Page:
Two cases were recently registered after RBI detects fake notes from SBI currency chest in Kochi, Kerala.
About Currency Chest
- A currency chest is a place where the Reserve Bank of India (RBI) stocks the money meant for banks and ATMs.
- The RBI has authorised select scheduled banks to establish currency chests.
- The monitoring authority over the chests lies with the RBI. They are inspected by representatives of RBI from time to time.
- Whenever new currency notes are printed by RBI, they are first delivered to currency chests. These notes are then delivered to other banks by the banks holding the currency chests.
- They act as cash distribution centers. These currency chests are expected to distribute banknotes and rupee coins to other bank branches in their area of operation.
- RBI takes back soiled notes and mutilated notes from the public through currency chests.
- Moreover, if the bank has an excess cash balance, the excess is moved to the currency chest. In a vice versa situation, when the bank is low on cash balance, the currency chest provides with it.
Guidelines for banks to set up New Currency Chests
- The area of the room or vault should be at least 1500 sq. ft.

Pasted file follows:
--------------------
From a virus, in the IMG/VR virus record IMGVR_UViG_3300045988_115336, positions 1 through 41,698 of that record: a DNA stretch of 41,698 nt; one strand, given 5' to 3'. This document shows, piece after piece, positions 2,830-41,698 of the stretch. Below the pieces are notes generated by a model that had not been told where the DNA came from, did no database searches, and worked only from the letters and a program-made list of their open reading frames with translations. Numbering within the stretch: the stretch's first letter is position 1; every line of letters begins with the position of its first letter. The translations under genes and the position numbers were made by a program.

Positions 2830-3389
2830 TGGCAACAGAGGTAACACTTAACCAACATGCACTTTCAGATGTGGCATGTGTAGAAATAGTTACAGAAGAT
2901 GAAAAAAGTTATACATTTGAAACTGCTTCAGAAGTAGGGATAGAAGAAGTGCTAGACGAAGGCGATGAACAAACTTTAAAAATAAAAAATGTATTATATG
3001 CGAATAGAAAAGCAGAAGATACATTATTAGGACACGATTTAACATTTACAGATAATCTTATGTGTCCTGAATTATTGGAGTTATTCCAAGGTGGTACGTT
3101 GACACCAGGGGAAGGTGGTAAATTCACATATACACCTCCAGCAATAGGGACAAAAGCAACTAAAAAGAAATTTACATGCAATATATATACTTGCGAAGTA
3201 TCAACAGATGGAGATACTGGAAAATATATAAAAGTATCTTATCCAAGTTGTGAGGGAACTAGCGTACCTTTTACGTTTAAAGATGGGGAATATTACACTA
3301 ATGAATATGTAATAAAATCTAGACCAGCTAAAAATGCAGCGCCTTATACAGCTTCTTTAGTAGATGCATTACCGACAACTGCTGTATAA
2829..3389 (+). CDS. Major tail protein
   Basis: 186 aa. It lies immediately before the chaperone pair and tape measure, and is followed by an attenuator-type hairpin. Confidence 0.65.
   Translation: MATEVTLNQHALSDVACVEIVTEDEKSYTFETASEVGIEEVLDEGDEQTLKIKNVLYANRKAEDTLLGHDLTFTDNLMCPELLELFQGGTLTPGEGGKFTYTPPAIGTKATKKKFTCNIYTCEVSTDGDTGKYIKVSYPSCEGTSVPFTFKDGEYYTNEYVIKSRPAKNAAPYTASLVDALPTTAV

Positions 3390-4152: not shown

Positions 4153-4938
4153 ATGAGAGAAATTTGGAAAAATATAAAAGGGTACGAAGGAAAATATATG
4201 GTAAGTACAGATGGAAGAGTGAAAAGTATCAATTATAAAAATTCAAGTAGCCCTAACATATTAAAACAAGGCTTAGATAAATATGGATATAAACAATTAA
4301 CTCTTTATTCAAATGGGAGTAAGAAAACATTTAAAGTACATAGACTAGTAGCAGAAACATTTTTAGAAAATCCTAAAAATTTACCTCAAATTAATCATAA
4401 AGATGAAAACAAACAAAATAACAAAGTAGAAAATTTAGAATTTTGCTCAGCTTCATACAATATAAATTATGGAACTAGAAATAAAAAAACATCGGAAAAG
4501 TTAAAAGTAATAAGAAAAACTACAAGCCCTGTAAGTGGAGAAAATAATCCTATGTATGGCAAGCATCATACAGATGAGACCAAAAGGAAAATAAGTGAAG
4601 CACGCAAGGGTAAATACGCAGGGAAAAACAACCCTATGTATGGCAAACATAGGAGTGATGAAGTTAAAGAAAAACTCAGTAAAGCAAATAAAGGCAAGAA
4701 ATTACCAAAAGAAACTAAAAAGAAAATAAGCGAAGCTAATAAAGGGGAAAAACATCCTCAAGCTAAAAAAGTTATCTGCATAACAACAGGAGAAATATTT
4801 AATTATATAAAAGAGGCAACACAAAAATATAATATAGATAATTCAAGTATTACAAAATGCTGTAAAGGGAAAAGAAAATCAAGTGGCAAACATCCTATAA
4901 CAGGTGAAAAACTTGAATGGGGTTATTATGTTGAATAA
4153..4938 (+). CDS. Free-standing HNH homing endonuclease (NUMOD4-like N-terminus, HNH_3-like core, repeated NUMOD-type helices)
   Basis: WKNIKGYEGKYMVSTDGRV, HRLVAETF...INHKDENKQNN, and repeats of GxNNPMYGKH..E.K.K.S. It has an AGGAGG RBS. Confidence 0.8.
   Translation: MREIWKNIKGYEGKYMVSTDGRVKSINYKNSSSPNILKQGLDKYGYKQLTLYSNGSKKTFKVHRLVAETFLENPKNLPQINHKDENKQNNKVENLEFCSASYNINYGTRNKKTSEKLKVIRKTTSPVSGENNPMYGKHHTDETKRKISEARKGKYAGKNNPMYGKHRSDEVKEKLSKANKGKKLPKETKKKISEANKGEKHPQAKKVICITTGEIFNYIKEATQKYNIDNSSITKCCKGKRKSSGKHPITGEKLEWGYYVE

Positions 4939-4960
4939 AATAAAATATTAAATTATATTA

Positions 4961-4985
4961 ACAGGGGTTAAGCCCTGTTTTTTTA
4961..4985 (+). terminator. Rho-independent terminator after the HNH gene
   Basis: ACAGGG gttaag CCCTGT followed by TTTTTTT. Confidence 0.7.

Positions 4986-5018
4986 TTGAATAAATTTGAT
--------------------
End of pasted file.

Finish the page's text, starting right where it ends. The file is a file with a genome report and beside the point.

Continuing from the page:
- In case of hilly/ inaccessible places, the area of the strong room or vault should be at least 600 sq. ft.
- Apart from this, the new chests should have a processing capacity of 6.6 lakh pieces of banknotes per day.
- For those situated in hilly/ inaccessible places, a capacity of 2.1 lakh pieces of banknotes per day.
- The currency chests should have a Chest Balance Limit (CBL) of ₹1,000 crore, subject to ground realities and reasonable restrictions, at the discretion of the Reserve Bank.
Q1) What are Soiled Notes?
Soiled notes are notes which have become dirty and slightly cut due to normal wear and tear. Notes in the denomination of Rs.10 and above which are in two pieces are also treated as soiled notes. These notes should be accepted over bank counters in payment of Government dues and for credit to accounts. Soiled notes can be exchanged with new notes from banks, whether they are public or private banks.